‘the future of Scottish home building’ Homes and Interiors Scotland February 2018
‘ a beacon of light’ Urban Realm magazine Winter 2017/18
The client is a group of four separate families who have come together to purchase the site and build a small tenement block that will contain a bespoke flat for each owner. They are excited by the prospect of being able to build their own place to live and are inspired by the idea of a bespoke high quality building with exemplary environmental credentials. Working together like this, without the involvement of a conventional developer or housebuilder in what we call a Collective Custom Build offers a number of advantages over a conventional procurement route:-
One in ten new homes built in Berlin are procured this way; in the last five years hundreds of schemes have been built there providing thousands of new homes. Our pioneering project in Bath Street, Portobello has shown that it can work just as well here in Scotland.
Three of the four families involved are current Portobello residents and feel strongly about the building contributing to the local sense of place in Bath Street. The format of the building follows the traditional Scottish tenement model, with a central shared stair providing access to the flats and also to a shared garden on the roof. The building is carefully integrated into the street by stepping the façade in both section (to address the change in scale from the four storey Victorian tenement to the right hand side of the site to the two and a half storey Georgian house to the left) and plan (a 600mm change in plane of the two buildings on either side allows the introduction of a continuous three storey bay window which provides views up Bath Street towards Arthur’s Seat and reflects the verticality of the adjoining tenement). A contextual approach also informs the selection of materials, with the main facade being predominantly red sandstone (used as a rain screen to reflect the nature of the building structure) and Reglit cast glass, which references the historical industry of Portobello and provides a durable and visually lightweight material which ‘reads’ correctly above the open pend to the rear garden below. Upper level and rear facades are formed in dark grey zinc cladding to reference adjacent slate roofs.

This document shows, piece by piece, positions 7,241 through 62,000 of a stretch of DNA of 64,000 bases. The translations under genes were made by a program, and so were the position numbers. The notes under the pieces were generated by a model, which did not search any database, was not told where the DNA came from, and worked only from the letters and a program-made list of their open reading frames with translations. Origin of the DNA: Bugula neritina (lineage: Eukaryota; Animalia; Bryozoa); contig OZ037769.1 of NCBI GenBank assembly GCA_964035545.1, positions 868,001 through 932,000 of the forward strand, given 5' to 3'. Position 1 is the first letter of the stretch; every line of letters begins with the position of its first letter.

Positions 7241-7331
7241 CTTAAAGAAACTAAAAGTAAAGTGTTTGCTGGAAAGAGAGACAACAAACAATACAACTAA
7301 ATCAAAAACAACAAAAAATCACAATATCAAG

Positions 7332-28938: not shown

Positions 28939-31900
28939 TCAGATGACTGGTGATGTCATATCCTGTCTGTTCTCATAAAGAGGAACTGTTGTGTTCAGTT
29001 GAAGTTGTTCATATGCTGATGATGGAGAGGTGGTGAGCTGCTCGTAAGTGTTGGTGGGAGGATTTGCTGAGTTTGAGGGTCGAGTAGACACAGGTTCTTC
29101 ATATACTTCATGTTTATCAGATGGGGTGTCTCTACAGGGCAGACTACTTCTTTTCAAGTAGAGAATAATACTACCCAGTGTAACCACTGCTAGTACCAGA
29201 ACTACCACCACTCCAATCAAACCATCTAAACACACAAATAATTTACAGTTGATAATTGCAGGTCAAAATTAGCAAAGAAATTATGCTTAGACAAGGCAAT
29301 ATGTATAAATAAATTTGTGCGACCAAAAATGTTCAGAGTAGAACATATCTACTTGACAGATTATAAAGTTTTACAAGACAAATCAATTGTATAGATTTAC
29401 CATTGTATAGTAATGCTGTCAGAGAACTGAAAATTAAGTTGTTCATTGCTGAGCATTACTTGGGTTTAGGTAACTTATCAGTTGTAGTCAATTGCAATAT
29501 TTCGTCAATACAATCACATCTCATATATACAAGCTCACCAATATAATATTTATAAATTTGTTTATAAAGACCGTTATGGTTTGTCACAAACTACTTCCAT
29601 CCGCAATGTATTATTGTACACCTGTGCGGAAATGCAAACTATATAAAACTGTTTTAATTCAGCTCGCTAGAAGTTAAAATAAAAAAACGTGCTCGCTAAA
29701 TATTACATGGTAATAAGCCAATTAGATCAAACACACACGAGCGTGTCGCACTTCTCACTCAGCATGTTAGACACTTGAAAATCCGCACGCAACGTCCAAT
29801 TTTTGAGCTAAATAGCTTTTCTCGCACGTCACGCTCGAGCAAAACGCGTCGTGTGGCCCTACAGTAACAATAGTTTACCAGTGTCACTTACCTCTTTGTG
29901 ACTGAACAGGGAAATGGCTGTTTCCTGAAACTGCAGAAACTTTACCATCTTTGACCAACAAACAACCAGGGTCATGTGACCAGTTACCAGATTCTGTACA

A ‘shell and core’ approach to the build has been adopted, which has enabled individual owners to take on varying degrees of fit out in their own flats, thus further reducing build costs.
A high level of sustainability is a key driver. The scheme is designed to Passivhaus equivalent levels of energy use and uses a Cross Laminated Timber structural frame to deliver exemplary levels of embodied energy. The growth of timber for the frame absorbed 114 tonnes of carbon emissions – an average UK resident’s emissions for approximately 12 years. High levels of insulation render a central heating system unnecessary and all remaining electricity will either be generated via photovoltaic panels on site or procured from 100% renewable energy – the building will be completely fossil fuel free.